The widespread use of XML for encoding network protocols is a perfect example of this. Many people understand that XML is quite slow as a wire protocol but they misunderstand why this is true. The conventional assumption is that it is because XML documents are bulky and verbose; the performance problem can therefore be mitigated with data compression, reducing the bandwidth requirements. While it is true that XML-based protocols suffer from bandwidth bloat, the performance and scalability problems persist even when data compression is used, so clearly there are other factors involved. This tends to perplex software engineers who are not familiar with the nuances of wire protocol design.
A well-designed wire protocol has a very important property: it says what it is going to do before it does it. By prefacing all actions with metadata, it allows computers reading data off the wire to both know what to expect over the wire next and to infer the resource cost of reading that data off the wire. This allows the receiving system to do an enormous amount of optimization and resource conservation; if the receiving system does not know anything about what may be coming over the wire, it has to allow for everything and resources are allocated accordingly. An XML stream has the design flaw that you have to scan an unbounded string of characters for markers that terminate an atomic piece of data, encouraging both aggressive over-commitment of resources and suboptimal data structures where performance is concerned. If a malicious or defective XML stream goes over the wire, you may not be able to ascertain that fact until hard-coded resource limits are reached. Since resource management is generally the second most expensive operation in software after disk I/O, the very inefficient resource management adds up quickly where performance is concerned.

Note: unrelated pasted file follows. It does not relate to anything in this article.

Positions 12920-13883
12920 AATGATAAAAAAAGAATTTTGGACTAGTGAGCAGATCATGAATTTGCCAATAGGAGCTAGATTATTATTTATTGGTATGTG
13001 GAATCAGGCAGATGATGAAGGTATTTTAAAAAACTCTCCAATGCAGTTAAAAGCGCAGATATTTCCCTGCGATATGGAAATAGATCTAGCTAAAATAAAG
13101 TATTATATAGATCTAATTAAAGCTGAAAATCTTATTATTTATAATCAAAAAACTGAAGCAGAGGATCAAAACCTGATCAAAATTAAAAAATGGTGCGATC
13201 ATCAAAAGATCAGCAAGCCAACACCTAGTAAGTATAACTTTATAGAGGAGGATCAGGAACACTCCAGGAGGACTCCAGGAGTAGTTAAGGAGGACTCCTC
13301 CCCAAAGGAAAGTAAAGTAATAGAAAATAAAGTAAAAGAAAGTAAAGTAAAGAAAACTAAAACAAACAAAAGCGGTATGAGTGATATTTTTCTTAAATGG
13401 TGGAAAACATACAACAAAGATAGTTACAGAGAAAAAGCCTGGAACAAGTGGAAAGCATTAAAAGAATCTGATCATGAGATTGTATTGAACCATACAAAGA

In older, more civilized wire protocols, the design pattern often used is known as "TLV" protocols ("Tag-Length-Value"). You send a metadata header saying what you are about to do ("Tag"), the number of bytes required to send the relevant data over the wire ("Length"), and then the data itself ("Value"). This allows the receiving system to precisely predict the minimum resources required to successfully process the transaction and to trap many error conditions before pulling bytes over the wire. In real-world protocol implementations, a good TLV protocol will often outperform an equivalent XML protocol by an order of magnitude. That is not a small difference.
This fact is not entirely lost on the standards bodies. There are ASN.1 encoding rules ("XER") for translating XML into the venerable (and complicated) ASN.1 wire protocol encoding standards, which generally use a TLV model. Furthermore, the new binary XML standards are designed in part to address this oversight by providing an efficient wire protocol encoding standard for XML. I am satisfied with this, but I hope I never see another "scalable" and "high-performance" XML-encoded wire protocol. We should know better by now.